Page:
Exercises that treat sciatica are a primary tool in the healing process. Before you begin a regimen of sciatica specific exercises however, you and your physician must locate the root of the injury to the sciatic nerve. While these exercises are vital to both short and long-term sciatica recovery, they are only a small part of the treatment process. From diagnosis to treatment to healing, treating sciatica is a multi-step process.
While physical therapists may recommend a few days of inactivity to give the swelling time to reduce, exercise must be part of any sciatica treatment to prevent muscle imbalance.
The goal of exercises to treat sciatica is to strengthen the muscles in the abdomen and the lower back. The abdomen acts as a girdle, keeping the back straight and the stomach muscles tight and thereby relieving pressure on the lower back area. These are not intended to be strenuous exercises but rather only to get the muscles moving enough to get the blood flowing to the affected areas and improve muscle strength.
The exercises prescribed by a physical therapist will vary from patient to patient depending on the underlying cause of the sciatica. While these exercises may have the same general goal—to improve abdominal and back strength—the exercises that achieve the goal will differ. Some patients will have to perform extension exercises, while others may have to focus on resistance exercises or stretching.
A strong and healthy spine reduces back and spine injuries, including sciatica.
Stretching is one of the most effective exercises to treat sciatica. Specifically stretching the whole back can reduce sciatica pain so patients won’t feel inhibited from leading regular lives. All this is required is a flat space large enough to fit your body during movement.
While lying flat on your back, pull both knees in to the chest holding them there for several seconds. Do not forget to exhale through the stretch and inhale as you return the knees to the starting position. Stretch until you feel the tension release, but no further.
Quadriceps stretches relieve sciatica pain in the lower back, hips, buttocks and legs by stretching this large muscle. Simply lie face down on a flat surface and pull your leg towards your buttocks with the goal of touching the heel to the buttocks. Hold the leg in this position for 15 to 20 seconds before slowly releasing it and stretching the other leg.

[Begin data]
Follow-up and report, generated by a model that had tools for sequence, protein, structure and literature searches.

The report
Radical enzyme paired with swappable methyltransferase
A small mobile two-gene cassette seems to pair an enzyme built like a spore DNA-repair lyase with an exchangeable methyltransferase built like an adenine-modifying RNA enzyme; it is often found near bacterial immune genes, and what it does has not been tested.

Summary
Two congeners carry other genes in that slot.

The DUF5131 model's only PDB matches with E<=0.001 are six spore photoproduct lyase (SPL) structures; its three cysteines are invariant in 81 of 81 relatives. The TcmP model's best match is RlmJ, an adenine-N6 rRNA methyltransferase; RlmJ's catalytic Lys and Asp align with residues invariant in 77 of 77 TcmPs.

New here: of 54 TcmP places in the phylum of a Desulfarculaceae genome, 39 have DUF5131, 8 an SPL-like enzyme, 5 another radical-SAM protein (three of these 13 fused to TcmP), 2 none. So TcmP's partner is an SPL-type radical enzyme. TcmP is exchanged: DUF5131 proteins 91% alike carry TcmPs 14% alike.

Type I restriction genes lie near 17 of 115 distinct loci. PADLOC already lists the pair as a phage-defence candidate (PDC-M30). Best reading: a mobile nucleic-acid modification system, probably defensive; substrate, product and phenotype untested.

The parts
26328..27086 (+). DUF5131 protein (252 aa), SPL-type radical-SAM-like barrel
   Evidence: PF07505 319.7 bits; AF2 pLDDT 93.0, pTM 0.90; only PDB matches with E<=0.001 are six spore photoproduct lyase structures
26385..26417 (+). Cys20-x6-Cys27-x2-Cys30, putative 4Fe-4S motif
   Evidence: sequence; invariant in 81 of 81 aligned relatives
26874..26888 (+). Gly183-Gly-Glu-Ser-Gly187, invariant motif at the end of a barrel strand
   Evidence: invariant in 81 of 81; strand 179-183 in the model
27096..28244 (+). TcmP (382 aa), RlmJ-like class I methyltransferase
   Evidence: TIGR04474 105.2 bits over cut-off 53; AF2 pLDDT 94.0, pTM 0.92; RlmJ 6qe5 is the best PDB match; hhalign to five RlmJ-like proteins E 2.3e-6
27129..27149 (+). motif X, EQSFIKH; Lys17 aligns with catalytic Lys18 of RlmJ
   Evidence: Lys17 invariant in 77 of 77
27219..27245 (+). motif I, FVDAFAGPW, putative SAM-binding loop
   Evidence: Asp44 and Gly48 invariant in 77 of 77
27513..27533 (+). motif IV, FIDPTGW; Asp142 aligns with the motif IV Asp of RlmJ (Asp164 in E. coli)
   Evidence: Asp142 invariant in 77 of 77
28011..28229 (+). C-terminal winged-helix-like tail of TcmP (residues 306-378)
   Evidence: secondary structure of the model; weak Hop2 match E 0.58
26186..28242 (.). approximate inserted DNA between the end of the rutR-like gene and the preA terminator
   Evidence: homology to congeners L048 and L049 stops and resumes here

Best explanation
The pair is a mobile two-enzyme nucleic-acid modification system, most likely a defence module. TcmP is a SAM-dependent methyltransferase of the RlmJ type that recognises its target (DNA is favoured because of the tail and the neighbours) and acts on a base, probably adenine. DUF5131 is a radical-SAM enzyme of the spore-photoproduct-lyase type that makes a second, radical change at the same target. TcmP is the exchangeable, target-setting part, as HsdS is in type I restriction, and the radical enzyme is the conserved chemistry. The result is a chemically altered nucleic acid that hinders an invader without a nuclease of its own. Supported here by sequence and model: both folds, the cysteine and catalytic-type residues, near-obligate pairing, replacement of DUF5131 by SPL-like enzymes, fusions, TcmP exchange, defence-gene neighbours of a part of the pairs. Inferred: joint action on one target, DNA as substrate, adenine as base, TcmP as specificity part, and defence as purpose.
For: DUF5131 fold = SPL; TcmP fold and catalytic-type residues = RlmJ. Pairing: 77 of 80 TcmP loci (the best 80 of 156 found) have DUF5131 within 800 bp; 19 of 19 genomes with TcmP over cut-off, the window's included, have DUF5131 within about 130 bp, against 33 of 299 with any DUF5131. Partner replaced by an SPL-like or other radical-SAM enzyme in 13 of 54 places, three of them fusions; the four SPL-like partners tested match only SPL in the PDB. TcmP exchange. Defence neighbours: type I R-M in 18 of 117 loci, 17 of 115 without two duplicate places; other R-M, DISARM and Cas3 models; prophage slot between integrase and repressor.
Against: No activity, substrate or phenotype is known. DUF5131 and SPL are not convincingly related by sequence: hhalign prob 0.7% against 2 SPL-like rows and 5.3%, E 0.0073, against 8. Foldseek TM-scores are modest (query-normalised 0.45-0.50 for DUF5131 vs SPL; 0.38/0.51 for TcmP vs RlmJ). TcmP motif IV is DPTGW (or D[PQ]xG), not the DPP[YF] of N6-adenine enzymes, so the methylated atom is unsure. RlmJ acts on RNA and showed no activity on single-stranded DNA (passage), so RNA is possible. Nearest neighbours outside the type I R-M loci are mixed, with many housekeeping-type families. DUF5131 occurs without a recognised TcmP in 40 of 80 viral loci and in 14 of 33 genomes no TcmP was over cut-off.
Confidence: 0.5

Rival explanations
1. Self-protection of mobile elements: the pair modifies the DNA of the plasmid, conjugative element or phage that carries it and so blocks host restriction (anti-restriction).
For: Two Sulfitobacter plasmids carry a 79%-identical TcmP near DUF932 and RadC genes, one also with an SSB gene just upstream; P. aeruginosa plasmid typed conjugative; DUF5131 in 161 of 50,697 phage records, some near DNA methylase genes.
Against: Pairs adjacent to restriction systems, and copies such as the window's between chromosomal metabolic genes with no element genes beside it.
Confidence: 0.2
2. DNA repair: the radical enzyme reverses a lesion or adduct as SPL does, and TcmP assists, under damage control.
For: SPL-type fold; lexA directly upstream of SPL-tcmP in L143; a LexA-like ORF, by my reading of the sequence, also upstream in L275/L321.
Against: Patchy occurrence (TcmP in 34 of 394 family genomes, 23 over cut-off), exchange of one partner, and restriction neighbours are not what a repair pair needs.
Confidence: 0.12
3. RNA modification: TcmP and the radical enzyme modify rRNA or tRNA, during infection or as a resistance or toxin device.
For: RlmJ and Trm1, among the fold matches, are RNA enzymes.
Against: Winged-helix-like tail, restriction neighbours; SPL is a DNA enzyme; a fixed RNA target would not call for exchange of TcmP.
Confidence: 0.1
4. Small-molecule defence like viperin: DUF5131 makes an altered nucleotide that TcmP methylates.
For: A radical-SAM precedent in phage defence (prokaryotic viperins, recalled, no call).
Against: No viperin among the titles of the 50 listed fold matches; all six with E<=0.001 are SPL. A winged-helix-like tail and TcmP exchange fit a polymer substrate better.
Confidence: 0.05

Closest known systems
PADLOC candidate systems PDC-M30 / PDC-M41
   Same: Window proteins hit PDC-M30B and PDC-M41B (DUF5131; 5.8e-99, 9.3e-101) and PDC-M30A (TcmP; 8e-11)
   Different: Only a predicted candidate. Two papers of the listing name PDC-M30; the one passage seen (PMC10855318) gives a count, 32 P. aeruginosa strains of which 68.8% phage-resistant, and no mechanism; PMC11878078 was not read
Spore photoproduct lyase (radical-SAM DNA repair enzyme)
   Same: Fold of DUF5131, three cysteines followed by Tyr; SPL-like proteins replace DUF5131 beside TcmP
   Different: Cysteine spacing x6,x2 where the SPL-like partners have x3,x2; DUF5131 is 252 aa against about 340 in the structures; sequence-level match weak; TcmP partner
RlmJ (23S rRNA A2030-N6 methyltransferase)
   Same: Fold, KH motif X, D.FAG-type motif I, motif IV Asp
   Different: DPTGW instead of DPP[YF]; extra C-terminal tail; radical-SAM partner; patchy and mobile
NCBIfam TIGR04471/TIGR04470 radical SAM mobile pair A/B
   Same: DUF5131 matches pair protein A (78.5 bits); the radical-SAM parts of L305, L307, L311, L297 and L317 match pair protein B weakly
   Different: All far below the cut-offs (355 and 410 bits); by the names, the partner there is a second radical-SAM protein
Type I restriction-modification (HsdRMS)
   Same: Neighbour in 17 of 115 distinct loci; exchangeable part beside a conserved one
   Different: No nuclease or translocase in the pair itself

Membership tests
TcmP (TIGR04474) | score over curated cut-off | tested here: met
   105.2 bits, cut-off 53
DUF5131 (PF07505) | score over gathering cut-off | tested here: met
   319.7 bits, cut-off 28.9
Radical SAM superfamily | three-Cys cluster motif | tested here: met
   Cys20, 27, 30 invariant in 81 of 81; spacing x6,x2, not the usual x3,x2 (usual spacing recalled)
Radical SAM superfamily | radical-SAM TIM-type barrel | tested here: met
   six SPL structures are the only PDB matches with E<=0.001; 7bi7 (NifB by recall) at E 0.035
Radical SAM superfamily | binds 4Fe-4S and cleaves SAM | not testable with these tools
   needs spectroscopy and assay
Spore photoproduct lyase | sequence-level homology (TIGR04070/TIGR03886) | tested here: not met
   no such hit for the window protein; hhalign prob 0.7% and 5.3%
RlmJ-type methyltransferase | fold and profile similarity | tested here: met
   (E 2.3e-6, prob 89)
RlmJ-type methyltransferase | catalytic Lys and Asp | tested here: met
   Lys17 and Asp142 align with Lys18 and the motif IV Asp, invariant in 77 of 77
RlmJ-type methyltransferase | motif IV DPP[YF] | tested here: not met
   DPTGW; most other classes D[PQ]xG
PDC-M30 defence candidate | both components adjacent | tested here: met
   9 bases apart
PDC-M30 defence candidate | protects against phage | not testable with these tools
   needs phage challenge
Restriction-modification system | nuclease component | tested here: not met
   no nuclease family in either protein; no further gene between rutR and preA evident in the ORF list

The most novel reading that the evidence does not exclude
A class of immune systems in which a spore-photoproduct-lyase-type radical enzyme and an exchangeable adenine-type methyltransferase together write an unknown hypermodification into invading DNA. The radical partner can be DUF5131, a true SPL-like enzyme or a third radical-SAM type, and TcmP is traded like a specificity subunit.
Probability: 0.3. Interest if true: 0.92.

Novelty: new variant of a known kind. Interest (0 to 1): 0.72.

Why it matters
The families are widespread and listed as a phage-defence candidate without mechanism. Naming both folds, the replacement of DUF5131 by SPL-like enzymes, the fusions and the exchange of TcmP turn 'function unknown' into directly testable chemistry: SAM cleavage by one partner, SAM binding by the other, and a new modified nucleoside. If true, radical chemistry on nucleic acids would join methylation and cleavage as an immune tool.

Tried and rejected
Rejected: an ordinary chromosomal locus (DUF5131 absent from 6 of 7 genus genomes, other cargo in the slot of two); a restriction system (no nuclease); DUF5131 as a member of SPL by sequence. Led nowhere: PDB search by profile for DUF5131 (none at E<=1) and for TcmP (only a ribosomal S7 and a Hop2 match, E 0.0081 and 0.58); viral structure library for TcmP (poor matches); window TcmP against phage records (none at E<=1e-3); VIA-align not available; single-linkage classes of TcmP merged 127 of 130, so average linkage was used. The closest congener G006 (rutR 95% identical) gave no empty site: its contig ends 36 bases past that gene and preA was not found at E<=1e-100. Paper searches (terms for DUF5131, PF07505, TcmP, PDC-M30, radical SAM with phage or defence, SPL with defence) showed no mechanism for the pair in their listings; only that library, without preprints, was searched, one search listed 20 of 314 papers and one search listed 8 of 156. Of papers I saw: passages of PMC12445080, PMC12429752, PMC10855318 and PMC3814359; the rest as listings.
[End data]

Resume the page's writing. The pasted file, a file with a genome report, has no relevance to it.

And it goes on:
Even though the sciatic nerve starts in the lower back it is important to exercise the middle portion of the back as well for sciatic pain relief. To perform this exercise you will need a flat space with room to move from side to side. Lying on the back with one knee bent at a 90-degree angle, rotate the bent knee to the opposite side of the body. Be sure to keep your back as close to the floor as possible while you hold the position for 10 to 20 seconds. Return to starting position then stretch the other side similarly.
Keep It Up
The most important part of sciatica specific exercises is that you commit to performing them regularly. Sporadic exercises will not help you relieve the pain and discomfort you feel from the pressure placed upon your sciatic nerve. Furthermore, failure to perform the exercises on a regular basis will not help with the symptoms of sciatica or the underlying problems.
Never attempt to create your own exercises to treat sciatica as some may cause the pain to worsen or cause other back problems. The exercises you do for sciatica should come from your primary care physician, a physical therapist or spine specialist. They are best equipped to give you exercises that will specifically treat your sciatica symptoms.
If exercises and therapy do not work for your sciatica, you may have to consider surgery to correct the underlying problem.